*New*: Spotted Lanternfly Look-alikes in MA

*New*: Spotted Lanternfly Egg Mass Look-alikes

  • Box tree moth 1 (MDAR) Box tree moth injury (MDAR) Box Tree Moth: staff with the Mass. Dept. of Agricultural Resources (MDAR) and the USDA have recently confirmed several instances of boxwood shrubs on Cape Cod that were infested with the invasive pest known as box tree moth (Cydalima perspectalis). The finds have all been in established plantings (2 years old or more). It is unclear how the moths were introduced to the area or how widespread this pest is; USDA is currently working to delimit the infestation.

The main host of box tree moth is boxwoods (Buxus spp.), though in their native range, the moths will also attack burning bush (Euonymus alatus) and a few other uncommon species, if boxwood is not available. The late-stage caterpillars cause significant defoliation and should be detectable now: check boxwoods for greenish brown caterpillars, 1 to 1.5 inches long, with black stripes running from head to tip, black heads, and long hairs scattered along the body. The caterpillars form webbing in the boxwoods to protect themselves, and in a heavy infestation this webbing fills up with visible clumps of frass pellets (waste material).

Box tree moths can cause complete defoliation of boxwoods, eventually killing entire shrubs. We encourage you to review the following fact sheet from the USDA to learn more about this pest, including how to recognize the adult moths, caterpillars, and eggs: Box Tree Moth Pest Alert

If you grow, sell, or install boxwoods, please inspect them for any signs of this pest, and report any finds to

More information about box tree moth, including management options, is now available from UMass Extension at:

  • Elm zigzag sawfly feeding on an elm leaf viewed in Berkshire County, MA on 8/16/2023. Photo courtesy of: Nicole Keleher, MA DCR Forest Health Program. Elm zigzag sawfly feeding damage and cocoon on sample collected from Berkshire County, MA on 8/10/2023. Photo courtesy of: Eric Reynolds, MA DCR Forest Health Program. Elm zigzag sawfly defoliation viewed in Berkshire County, MA on 8/16/2023. Photo courtesy of: Nicole Keleher, MA DCR Forest Health Program. Elm Zigzag Sawfly: (Aproceros leucopoda) is a nonnative insect that originated in eastern Asia (Japan and certain regions of China). It is now invasive in Europe (2003) and North America. The elm zigzag sawfly has been found in Virginia (2021), Maryland, Pennsylvania, North Carolina, New York, and Vermont. In 2023, the elm zigzag sawfly was detected for the first time in a small, forested area of Berkshire and Hampden Counties in Massachusetts: Significant defoliation of elm host plants was seen at the impacted locations. It is currently unclear how widespread the elm zigzag sawfly is in Massachusetts or how the infestation was introduced.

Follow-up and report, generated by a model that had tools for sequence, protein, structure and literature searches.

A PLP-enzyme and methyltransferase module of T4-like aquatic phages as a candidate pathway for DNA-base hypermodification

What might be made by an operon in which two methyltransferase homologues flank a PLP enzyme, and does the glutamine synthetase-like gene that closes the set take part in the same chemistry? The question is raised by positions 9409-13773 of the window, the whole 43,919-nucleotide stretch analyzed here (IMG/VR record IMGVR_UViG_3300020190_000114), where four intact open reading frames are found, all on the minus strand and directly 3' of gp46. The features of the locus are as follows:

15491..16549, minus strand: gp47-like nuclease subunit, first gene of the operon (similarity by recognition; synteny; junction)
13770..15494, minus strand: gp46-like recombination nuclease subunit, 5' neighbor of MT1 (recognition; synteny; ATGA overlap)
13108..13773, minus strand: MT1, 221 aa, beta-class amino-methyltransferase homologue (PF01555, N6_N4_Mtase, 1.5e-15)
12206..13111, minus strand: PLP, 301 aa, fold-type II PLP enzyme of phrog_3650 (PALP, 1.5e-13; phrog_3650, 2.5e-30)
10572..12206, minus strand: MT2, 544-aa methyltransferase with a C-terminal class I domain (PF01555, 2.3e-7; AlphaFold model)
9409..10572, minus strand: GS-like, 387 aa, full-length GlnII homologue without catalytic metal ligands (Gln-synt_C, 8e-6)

Female elm zigzag sawflies cause a tiny amount of damage to the edges of host plant leaves as they lay their eggs. Tiny scars are formed as a result of female egg laying. Eggs hatch and young sawfly caterpillars (the most destructive life stage of the insect) begin their characteristic zig-zag patterned feeding. These zig-zag shaped notches in the leaf can extend 5-10 mm into the leaf from the edge. Multiple caterpillars can feed on a single leaf. Entire leaves can be completely stripped, leaving only the veins behind. Heavily infested trees can suffer partial or complete defoliation.

If you suspect you have found elm zigzag sawfly in Massachusetts, please report it to Nicole Keleher (Massachusetts Department of Conservation and Recreation, Forest Health Program),, or to the MA Dept. of Agricultural Resources at

More information about the elm zigzag sawfly, including management options, is now available from UMass Extension at:

  • Southern Pine Beetle: Dendroctonus frontalis has been collected in traps in Massachusetts and other parts of New England in recent years. Historically, the southern pine beetle has been native to the southeastern United States, however its range is moving northward due to warming winters and climate change. The Massachusetts Department of Conservation and Recreation (DCR) Forest Health Program, has announced that they have detected the first pocket of southern pine beetle killed trees (pitch pine, Pinus rigida) in Massachusetts on Nantucket. This is the first observation of this species killing trees in the state. An active infestation of southern pine beetle was found killing trees in July and MA DCR is working with the property owner to determine next steps and potential management options at the site. If you believe you have detected southern pine beetles in trees in Massachusetts, please contact Nicole Keleher, MA DCR Forest Health Director, at: More information about southern pine beetle is also available from MA DCR at .